I will complete the school here, and then around 8 Oct, I will fly to Columbus Georgia, and go through the Army preparation/training school once again. I have completed this school once in Fort Bliss, Texas in 2005. I completed it again in 2008, and again in May of 2009. This will be the fourth time that I have completed the processing. I should be flying to Afghanistan on or about 15 October.

Since the US made the deal with Kyrgyzstan, to utilize the base at Manas, I will probably be flying in there. Then I will get a flight to Bagram. My initial work will be in Kabul.

We bought a new house in Alexandria VA. I returned back here, just in time to assist in moving. Moving is the grandmother of hassles. A million things to do. I engaged a professional mover, to get the furniture and heavy items. It took all day, and cost $900. Then I got a U-Haul truck, and some of my church friends came out to the house, and we loaded the small boxes into the U-Haul, and delivered the goods to my new place.

For the past week, I have been unpacking, and putting my goods away. I also had to have some repairs done, including getting new lighting installed, getting a circulating fan for the master bedroom, new cabinet lights, etc. What a hassle. I also bought a lawn mower, for the first time in my life.

The timing worked out pretty good. I have completed the move, and I will just pack my desert clothing up again, and then begin school on Thursday. My mom and dad are driving here, and they will arrive on Saturday afternoon. We will have Sunday free, and then mom/dad will drive up to Syracuse, NY, and see my brother and his blended family.

This will be my fifth contract in Afghanistan. Here is the history:

Feb 2004: Arrived in Kabul, to photograph the civilian air traffic control equipment at the Kabul international airport. Most of the engineering work had already been completed.

Mar-May 2004: Hired by a firm to supervise a police radio upgrade project. When I arrived in Kabul, I was told to drop that project, and coordinate a drug eradication radio project.

Nov 2007: Assigned to FOB Sharana, to work a data collection project, supervising data collections on four bases in Western Afghanistan.

Sept 2008: Arrived in FOB Salerno, to assist in training soldiers in how to operate video cameras.

There is my Afghanistan history.

Sunday, September 20, 2009

Back in the USA

Arrived back at Dulles airport Washington Sept 6. I went home. Spent Labor Day weekend, relaxing. On Friday I had a phone discussion with another firm, about a television project in Afghanistan. On Tuesday 14 Sept, I interviewed in person. The engineers past along a "strong recommendation", that I get hired. I should have an offer letter by Monday 21 Sept.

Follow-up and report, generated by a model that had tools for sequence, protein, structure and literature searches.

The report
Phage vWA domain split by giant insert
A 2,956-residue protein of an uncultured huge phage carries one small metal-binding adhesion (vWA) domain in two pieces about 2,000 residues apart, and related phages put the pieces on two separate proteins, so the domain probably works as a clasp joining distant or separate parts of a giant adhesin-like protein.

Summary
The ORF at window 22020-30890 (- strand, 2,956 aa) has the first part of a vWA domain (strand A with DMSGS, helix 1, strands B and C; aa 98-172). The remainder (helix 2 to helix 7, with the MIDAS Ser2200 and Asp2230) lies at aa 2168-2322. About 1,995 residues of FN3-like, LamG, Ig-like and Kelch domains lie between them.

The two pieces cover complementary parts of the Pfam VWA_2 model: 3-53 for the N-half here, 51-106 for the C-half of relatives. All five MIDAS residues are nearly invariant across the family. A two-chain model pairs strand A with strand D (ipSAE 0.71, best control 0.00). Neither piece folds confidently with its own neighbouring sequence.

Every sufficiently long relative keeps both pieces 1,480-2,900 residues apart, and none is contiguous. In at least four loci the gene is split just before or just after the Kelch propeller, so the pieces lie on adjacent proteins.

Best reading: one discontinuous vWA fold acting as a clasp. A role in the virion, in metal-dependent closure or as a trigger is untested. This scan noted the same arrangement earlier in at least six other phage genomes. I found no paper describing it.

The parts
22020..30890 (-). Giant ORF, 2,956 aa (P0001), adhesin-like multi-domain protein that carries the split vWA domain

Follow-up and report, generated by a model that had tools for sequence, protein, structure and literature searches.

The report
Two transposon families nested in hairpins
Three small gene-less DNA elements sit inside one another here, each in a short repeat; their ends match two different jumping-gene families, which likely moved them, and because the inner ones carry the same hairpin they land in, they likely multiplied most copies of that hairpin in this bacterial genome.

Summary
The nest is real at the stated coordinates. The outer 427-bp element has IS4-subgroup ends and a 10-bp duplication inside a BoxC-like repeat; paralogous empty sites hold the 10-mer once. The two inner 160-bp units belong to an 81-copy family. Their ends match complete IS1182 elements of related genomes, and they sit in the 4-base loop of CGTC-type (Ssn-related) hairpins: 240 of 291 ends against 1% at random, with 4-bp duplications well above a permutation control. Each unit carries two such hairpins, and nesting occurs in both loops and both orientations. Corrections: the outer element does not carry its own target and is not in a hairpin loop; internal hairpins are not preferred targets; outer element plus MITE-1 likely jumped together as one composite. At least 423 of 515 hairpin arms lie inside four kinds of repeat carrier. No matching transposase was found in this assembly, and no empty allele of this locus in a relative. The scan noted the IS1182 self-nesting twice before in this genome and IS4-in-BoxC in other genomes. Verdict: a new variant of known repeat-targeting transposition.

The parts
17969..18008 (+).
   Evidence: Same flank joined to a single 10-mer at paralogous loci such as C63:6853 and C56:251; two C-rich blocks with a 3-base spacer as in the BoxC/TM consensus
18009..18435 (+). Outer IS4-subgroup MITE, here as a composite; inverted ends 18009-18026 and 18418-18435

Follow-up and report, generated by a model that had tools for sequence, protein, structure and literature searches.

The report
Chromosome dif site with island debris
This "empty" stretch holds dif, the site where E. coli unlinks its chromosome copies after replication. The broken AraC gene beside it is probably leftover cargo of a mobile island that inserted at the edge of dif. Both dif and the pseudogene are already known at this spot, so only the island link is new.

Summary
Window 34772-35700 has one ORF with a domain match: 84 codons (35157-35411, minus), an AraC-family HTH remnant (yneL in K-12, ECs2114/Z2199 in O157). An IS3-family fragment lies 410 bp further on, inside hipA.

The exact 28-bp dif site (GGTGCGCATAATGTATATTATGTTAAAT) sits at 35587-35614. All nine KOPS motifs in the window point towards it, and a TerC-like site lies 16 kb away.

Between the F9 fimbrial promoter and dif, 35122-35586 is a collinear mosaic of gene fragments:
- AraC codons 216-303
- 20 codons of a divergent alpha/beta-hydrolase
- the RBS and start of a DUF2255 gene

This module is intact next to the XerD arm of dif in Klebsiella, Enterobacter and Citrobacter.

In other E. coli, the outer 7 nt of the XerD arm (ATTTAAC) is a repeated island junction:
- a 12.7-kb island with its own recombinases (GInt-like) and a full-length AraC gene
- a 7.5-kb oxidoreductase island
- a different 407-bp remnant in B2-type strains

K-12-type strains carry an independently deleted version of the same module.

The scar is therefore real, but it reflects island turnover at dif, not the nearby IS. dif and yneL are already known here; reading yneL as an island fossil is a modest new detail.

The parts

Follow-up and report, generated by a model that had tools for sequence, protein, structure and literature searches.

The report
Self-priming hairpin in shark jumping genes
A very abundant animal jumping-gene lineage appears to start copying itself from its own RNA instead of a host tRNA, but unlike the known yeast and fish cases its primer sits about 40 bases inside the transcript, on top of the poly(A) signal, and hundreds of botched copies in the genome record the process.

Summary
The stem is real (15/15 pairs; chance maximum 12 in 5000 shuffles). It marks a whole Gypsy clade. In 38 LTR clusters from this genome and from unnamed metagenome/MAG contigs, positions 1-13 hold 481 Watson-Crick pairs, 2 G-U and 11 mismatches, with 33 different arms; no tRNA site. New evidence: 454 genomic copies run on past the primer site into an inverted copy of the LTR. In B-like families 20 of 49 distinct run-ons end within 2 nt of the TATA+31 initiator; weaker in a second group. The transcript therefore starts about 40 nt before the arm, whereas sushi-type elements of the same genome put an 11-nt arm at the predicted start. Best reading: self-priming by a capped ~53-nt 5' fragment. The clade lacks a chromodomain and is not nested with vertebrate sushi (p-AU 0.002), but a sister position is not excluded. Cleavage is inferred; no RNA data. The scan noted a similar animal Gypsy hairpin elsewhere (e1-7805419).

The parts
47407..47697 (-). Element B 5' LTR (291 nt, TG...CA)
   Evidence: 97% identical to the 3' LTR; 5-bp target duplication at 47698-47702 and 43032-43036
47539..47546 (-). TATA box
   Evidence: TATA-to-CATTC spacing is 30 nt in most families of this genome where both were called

I have been sick! I had some blood in my urine, so I went to the doctor. I am scheduled for a cytoscopy on 1 Oct. The doc will insert a video camera up my private parts, and take a look inside. I find this ironic, I work in the video industry!

Friday, September 04, 2009


In Baghdad Airport. Flying out tonight to Kuwait City. My supervisor brought me to the airport. He did not offer to help carry my bags, and he did not shake my hand.

I am not glad about losing this job, but I am glad to be leaving here.

Tuesday, September 01, 2009

Going back to the USA

I am going back to the USA. My health is fine, I was checked out by the military doctors in Baghdad, and all the tests were normal.

I am glad to be getting out of this heat, and a chance to cook my own meals again. I get bored with chow hall food.

I will be looking for work, telecommunications and electronics, in Iraq/Afghanistan. I think I will get another contract soon.

Wednesday, August 26, 2009

In the hospital

I was having some heart palpitations. I checked into the military hospital, and I had a series of tests. All of them came back normal, and I am feeling 100% better.
Please keep me in your prayers, regardless. I am going through a rough time now.

With Windows Live, you can organize, edit, and share your photos. Click here.

Thursday, August 20, 2009

Added a new link. Please check in

I have added, by request, a link to a Masonic discussion board, in Turkey. The board has English Language capabilities. You can access it directly from this blog, or you can go to:

I am more than glad to add any link on this blog, all you need to do, is ask, and if your link is of interest, I will post it here!


HOT in Iraq today, about 114 degrees. I have been out in the heat, went to lunch a short while ago.

Friday, August 07, 2009

August in Iraq

I have not made a new posting in almost a month. I do make regular postings on Feel free, to sign up on twitter, and follow me.

I finished my first road trip, and returned back to my home camp. There is a great deal of work here, and I will be very busy here. The firm hired a new man, and I have been giving him some orientation. He is heading to a base up-country.

July and August in Iraq, is the most miserable time of the year here. I first arrived in Iraq, August 15, 2005. I was in a concrete barracks, with air conditioning, so I did not mind it so bad. I really liked Al-Asad. I spent 16 months there, and I was "living large". I wish I could have stayed there.